By Kelly Hines
My husband and I started dating two weeks before Thanksgiving, and this year marks the twenty-ninth time we have celebrated the holiday together. Twenty-nine years of blended families and arguments over whether it’s called stuffing or dressing (it’s dressing, by way), of monumental feasts and epic disasters. In this time I’ve learned a few things about family dynamics, and about how this holiday brings us together like a big, warm bowl of mashed potatoes. With gravy, of course.
Here are my tips on making this Thanksgiving one to remember:
1. Bring your big pants. If there is one day of the year when you can get up and have a huge breakfast at 8, followed by a brunch at 9, a ‘sample’ of everything you’re cooking every hour on the hour, an early lunch at 11, appetizers at 1, a snack at 3, a full turkey dinner at 4, pie at 5, leftovers at 7, leftover pie at 9 – THIS IS THAT DAY. Come prepared.
2. Try a little of everything. Even your Aunt Myrtle’s weird green bean thing. Barring allergy or moral objections, put a spoonful on your plate and tell your Aunt Myrtle it’s fabulous.
3. It’s okay to buy something. I am notorious for wanting everything to be the result of my culinary wizardry, mostly because I have an ego that requires constant reassurance from outside sources. But what I end up doing is absolutely killing myself in the kitchen and then getting resentful because I’ve had to do it all, after insisting that I do it all. Buy your bread or a pie or a side. No one is going to go home talking smack about you if you didn’t grow the pumpkin yourself.
4. Delegate. I do most of the cooking, so when dinner is done I march my well-stuffed self to my well-stuffed couch and put my feet up. Magically, other people get up and clean my kitchen. They put things in the wrong containers and in the wrong cabinets and I absolutely do not care. I am happy they’re doing it, and I let them. When someone is kind enough to offer to bring something, I take them up on the offer. Even if it’s Aunt Myrtle and her weird green bean thing.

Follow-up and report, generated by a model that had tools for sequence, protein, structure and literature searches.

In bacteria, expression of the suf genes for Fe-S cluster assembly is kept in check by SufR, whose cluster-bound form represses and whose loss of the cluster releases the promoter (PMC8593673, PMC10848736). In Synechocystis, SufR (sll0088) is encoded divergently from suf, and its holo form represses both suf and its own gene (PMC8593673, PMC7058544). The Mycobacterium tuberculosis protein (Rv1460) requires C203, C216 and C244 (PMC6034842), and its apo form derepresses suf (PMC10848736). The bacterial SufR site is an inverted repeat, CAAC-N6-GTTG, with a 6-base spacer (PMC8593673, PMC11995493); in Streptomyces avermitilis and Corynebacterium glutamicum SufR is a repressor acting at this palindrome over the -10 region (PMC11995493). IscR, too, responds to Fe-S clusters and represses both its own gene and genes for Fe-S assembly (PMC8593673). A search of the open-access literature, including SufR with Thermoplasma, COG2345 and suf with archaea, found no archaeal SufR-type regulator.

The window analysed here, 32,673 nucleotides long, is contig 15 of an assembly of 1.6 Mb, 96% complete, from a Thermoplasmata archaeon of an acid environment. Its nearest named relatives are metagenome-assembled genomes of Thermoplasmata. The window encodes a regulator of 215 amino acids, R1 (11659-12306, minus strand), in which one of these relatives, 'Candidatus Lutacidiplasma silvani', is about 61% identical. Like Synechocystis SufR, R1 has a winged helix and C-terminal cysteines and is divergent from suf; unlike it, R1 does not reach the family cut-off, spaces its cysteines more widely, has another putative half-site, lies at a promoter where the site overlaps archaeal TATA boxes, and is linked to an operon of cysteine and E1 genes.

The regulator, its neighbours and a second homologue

5. Don’t expect your kids to act like anyone other than your kids. They are not suddenly going to stop fighting, or running in the house, or hiding cheese in the bathroom (what? like my kids are the only ones?), or insisting they won’t eat anything you spent the last four days preparing because IT’S GROSS and WHERE ARE THE CHICKEN NUGGETS? because you have company. Let them enjoy the day, too.
6. Create a drama free zone. Look, I don’t like your Aunt Myrtle, either. Everyone knows the only reason we still invite her is because she’s old and will probably be dead next year and we’d all feel guilty if we didn’t. She will complain that the turkey is dry and that’s not the way she makes the stuffing and you’re serving the pie too early. She will remind you that you’re part of the family through marriage, and criticize your housekeeping and weight, and suggest that maybe your children would be more polite if you wouldn’t coddle them. And then you could punch her in the face. OR, you could smile and nod and say horrible, horrible things about her in your head. It’s not the more satisfying route, but it’s the more charitable one.
7. Give thanks. No, really. Don’t make it a Pinterest event and make everyone write down their blessings and put them in a mason jar. Take a small moment with each person that you are fortunate to have around your table and let them know you’re thankful for them. A squeeze of the hand, a thank you for being here, a thumbs up to Auntie M over a mouthful of green beans – be thankful because you are. Because you have the good fortune to be in a warm place with a full belly and someone who loves you. What a gift.
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